Otel & Riya's Page

Question:

What is that squiggly little thing on the left-hand side of Otel's heraldry?

Answer:

That "squiggly little thing" is an stylized development of Otel's tamga, which looks like this:  

Simply put, a tamga (or "tamgha") is a mark indicating a reference to a person, family, country, etc, not unlike a signature, stamp or wax seal. These devices were (and still are) commonly used amongst those nomadic cultures who inhabited the eurasian steppe such as the Scythians, Kipchaks and Mongols. Adjacent cultures, such as the Rus and the Hungarians have sometimes borrowed the concept as well. In these nomadic cultures and their progeny, the tamga served similar functions as did signatures or signets in European cultures.

The origin of these marks were as livestock brands. As many pastoral cultures count a family's wealth by the size of their herd, being able to determine ownership clearly was of critical importance, especially when herds were mixed. The tamga was a simple and efficient way of expressing ownership of livestock, but was used for other items such as clothing and tools. As families and clans became more organized, tamga began to be used to represent nations as well.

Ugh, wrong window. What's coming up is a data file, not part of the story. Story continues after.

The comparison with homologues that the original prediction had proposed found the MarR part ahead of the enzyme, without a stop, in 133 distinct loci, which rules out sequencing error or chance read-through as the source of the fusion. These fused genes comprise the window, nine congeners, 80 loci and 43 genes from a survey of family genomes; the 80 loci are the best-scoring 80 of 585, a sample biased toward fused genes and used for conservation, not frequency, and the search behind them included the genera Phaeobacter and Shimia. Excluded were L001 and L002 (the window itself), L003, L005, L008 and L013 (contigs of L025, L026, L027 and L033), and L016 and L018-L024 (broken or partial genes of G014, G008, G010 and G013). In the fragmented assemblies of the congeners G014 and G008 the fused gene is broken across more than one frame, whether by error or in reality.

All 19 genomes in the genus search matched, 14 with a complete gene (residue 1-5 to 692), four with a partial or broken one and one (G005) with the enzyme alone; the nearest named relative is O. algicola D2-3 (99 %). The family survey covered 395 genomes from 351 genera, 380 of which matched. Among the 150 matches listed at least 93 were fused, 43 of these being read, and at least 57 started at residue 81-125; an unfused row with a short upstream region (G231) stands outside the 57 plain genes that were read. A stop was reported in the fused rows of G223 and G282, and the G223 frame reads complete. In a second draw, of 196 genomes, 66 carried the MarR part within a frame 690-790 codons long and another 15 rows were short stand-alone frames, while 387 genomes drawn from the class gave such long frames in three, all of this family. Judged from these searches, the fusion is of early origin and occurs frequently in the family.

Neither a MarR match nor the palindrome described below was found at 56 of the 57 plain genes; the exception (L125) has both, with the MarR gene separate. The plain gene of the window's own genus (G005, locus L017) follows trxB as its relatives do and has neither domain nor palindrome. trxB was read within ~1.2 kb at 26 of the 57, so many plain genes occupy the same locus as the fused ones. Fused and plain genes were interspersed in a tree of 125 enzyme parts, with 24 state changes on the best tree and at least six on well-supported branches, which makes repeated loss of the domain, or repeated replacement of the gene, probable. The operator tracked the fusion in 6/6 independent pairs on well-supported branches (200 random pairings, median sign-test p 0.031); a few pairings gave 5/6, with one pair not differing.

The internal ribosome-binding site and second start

In addition to being used as a mark of ownership or a signature, tamga were also used as a basis for decorate paterns as well. Mirrored, repeated and arrayed, enhanced with botanic or geometric themes, these tamga patterns found their way into clothing, carpets and other domestic items. If you look closely, you will see that the floral design on the left hand side of this page is such an interpretation of Otel's tamga.

Tamga are still being used to this day. Many of those who continue to follow the nomadic traditions of the eurasian steppe still utilize tamgas for their traditional purposes of animal branding. The national flag of Kazakhstan has a distinctive tamga-looking design on its' hoist. The national flags of http://en.wikipedia.org/wiki/Flag_of_Mongolia and Turkmenistan contain abstract designs with tamga-like elements, as well.

You can find some more info (and sources) on tamga from the following pages:
The Tamga
Tamgas of the Middle Age Alans
The Tamgha
Wikipedia's article on Tamgas


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